[Pipet Devel] Re: Overflow/Loci/GMS collaboration

J.W. Bizzaro bizzaro at geoserve.net
Tue Mar 14 09:26:53 EST 2000

Jean-Marc Valin wrote:
> > > 1) Wrap all Overflow as a Loki/GMS node
> > > 2) Use Overflow's core and implement the missing functionnalities.
> OK, let's talk about 2) (I consider 1 to be trivial). All our nodes are classes
> and the code that's ran is in the getOutput method. Maybe it's possible to call
> the GMS functions from there. Again, the main reason I'd like 2) is speed: not
> having to call an executable for a sum, logical and, even an FFT.

The big problem I see with approach 2) is that Overflow has no knowledge of
where it is in a physical network, where other instances of Overflow might be,
what nodes are available at what location, how to request a particular remote
node, and how to send data between two remote instances of Overflow without it
first coming back to the local instance.  These are all problems Loci was
designed to deal with.  But if you're talking about Overflow being the real
core, as core it would have to deal with these problems.

So, I don't think plugging GMS into Overflow's port will make Overflow/GMS a
distributed system.  As an example, let's say we have computers A and B.  A is
the local computer run by the user, and B is a remote computer.  Both A and B
have copies of Overflow/GMS, except computer B has a node that computer A does
not have.  Now tell me, how will Overflow/GMS on A know (1) where computer B
is, (2) what nodes are on B and (3) how to request access to the node?

Alright, let's make the problem a little more complicated.  We have 3
computers: A, B and C.  A is again local while B and C are separate remote
computers.  Now, the user on computer A wants to pipe data from a node on A,
to a node on B, and then directly to a node on C.  How does (4) Overflow/GMS
on B know to send the data to C and not back to A?

The only way I see to address these problems, and what Loci was proposing to
do, is create a directory service and a meta-data transfer system.

In Loci, each instance of Loci's core is identical to the next, regardless of
location.  And each has the ability to contact another with a request.  If,
for example, a node exists on computer B that the user wants (access to), Loci
on A would ask Loci on B for it.  And the system is very much seamless and
symmetric: If a node exists on computer A that the user wants, Loci on A (same

And if the user wants to connect a node on B to a node on C, Loci on A sends B
the request with meta-data saying to contact C when done.  Next, B contacts C,
and then C contacts A that the connection was made.

> > So, Loci would allow the user to execute a node and THEN start adding
> > connections...or even change connections at a later time.  Loci does this by
> > making a 'dynamic batch file', which really has to be a database (since we are
> > using XML, we were going to use an XML database).
> I'm not sure I understand what you mean here?

I mean that all of the information for each node (including meta-data) and all
of the connections made between nodes, are repesented as XML.  BUT, to make
parsing and editing this XML structure easier, we put the information into a
database.  The information is actually transformed from XML into a form better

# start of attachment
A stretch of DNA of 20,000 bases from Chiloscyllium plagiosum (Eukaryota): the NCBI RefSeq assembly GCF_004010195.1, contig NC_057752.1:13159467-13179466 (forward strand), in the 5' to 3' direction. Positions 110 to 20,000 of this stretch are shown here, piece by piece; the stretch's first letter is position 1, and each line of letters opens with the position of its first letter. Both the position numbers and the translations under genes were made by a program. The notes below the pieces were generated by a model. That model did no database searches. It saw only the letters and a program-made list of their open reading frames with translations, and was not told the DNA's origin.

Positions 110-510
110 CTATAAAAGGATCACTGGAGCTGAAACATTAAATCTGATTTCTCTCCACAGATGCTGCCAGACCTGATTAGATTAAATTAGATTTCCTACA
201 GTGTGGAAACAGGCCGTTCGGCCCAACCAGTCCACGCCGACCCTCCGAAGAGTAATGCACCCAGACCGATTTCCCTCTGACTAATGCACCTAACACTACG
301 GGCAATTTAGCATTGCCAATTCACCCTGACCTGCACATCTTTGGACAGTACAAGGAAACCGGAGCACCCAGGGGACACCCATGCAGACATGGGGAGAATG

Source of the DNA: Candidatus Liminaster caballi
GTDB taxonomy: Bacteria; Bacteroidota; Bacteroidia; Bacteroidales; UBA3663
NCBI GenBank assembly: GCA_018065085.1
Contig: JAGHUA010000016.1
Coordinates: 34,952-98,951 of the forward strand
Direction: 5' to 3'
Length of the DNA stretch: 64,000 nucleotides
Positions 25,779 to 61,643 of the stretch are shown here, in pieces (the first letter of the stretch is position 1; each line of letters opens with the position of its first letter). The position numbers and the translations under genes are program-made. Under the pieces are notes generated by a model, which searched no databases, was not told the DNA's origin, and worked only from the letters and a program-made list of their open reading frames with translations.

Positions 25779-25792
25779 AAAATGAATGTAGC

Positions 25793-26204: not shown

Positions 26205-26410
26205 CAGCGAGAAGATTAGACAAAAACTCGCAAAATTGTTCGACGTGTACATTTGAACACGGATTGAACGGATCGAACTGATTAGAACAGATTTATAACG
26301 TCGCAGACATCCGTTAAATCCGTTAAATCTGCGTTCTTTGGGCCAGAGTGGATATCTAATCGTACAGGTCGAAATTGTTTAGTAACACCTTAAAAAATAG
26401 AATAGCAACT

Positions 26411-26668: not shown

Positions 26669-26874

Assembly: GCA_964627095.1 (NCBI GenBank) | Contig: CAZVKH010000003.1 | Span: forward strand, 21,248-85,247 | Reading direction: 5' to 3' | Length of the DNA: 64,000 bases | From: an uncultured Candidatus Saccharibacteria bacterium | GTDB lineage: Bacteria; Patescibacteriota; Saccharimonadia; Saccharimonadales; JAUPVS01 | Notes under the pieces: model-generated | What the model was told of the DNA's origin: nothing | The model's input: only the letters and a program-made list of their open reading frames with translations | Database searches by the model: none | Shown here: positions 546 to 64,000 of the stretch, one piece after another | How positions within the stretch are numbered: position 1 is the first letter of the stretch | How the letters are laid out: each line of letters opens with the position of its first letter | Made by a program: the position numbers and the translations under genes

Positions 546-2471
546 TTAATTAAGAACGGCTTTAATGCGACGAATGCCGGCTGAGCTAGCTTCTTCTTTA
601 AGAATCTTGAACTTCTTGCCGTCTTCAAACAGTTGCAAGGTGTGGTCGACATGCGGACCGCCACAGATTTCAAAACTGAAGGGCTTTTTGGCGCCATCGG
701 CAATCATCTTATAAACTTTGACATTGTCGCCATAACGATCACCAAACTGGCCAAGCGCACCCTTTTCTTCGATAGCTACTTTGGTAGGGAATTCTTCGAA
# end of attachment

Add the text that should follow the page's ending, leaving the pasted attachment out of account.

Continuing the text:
suited for the database, and then when retrieved, the information is put back
into XML, which is better suited for transfer and storage.

> You can have a set of nodes that generate a command line in Overflow, then feed
> that command-line (string) to the "Exec" node.

Great.  That's pretty much what we were trying to do, but we have some rather
interesting rules for construction that I'll have to pass on to you.

> Is the "program" in Loci stored as a script?

What are you calling 'program'?  If you mean the network to be ran (or
workpath to be followed in Loci-speak), then yes, it's stored as a script...in
a database.

> The way it works in Overflow, is
> that the XML is simply storing a set of objects: Networks, Nodes and Links.

Exactly the same as Loci!

> It
> stores how the nodes are connected together (XML was just a convenient way to
> serialize our objects).

Right.  Except, for doing dynamic editing and parsing, we need to take the
data out of XML and put it into a database.

> Another thing you need to know about Overflow. It works
> using a "pull" on the nodes. That is, you first ask the last node for its
> output. Then this node asks for the value of each of its input nodes. These
> nodes do the same until everything is calculated. If, for some reason a value is
> unused, it is not calculated.

Excellent!  This is exactly how we planned on 'running' a network.

> Dominic has a couple things he wants in Overflow (or anything it becomes):
> Asynchronus events, multi-thread stuff (partially implemented), ... (Dominic,
> anything I forgot?)


> Sounds cool! I'm not really a GUI guy. The vflow GUI is about the best I can do
> (I actually learnind GTK/GNOME while writing it).

I think I am a GUI guy afterall.  I tend to need to see the results of my

> I use Overflow for speech processing/recognition and Dominic uses it for image
> processing and robot behaviours. I'll probably also write a real-time music
> effect processor... when I have time.

Oh cool, a couple of AI/robotics guys.  I think our needs are indeed very

                      |           J.W. Bizzaro           |
                      |                                  |
                      | http://bioinformatics.org/~jeff/ |
                      |                                  |
                      |        BIOINFORMATICS.ORG        |
                      |           The Open Lab           |
                      |                                  |
                      |    http://bioinformatics.org/    |

More information about the Pipet-Devel mailing list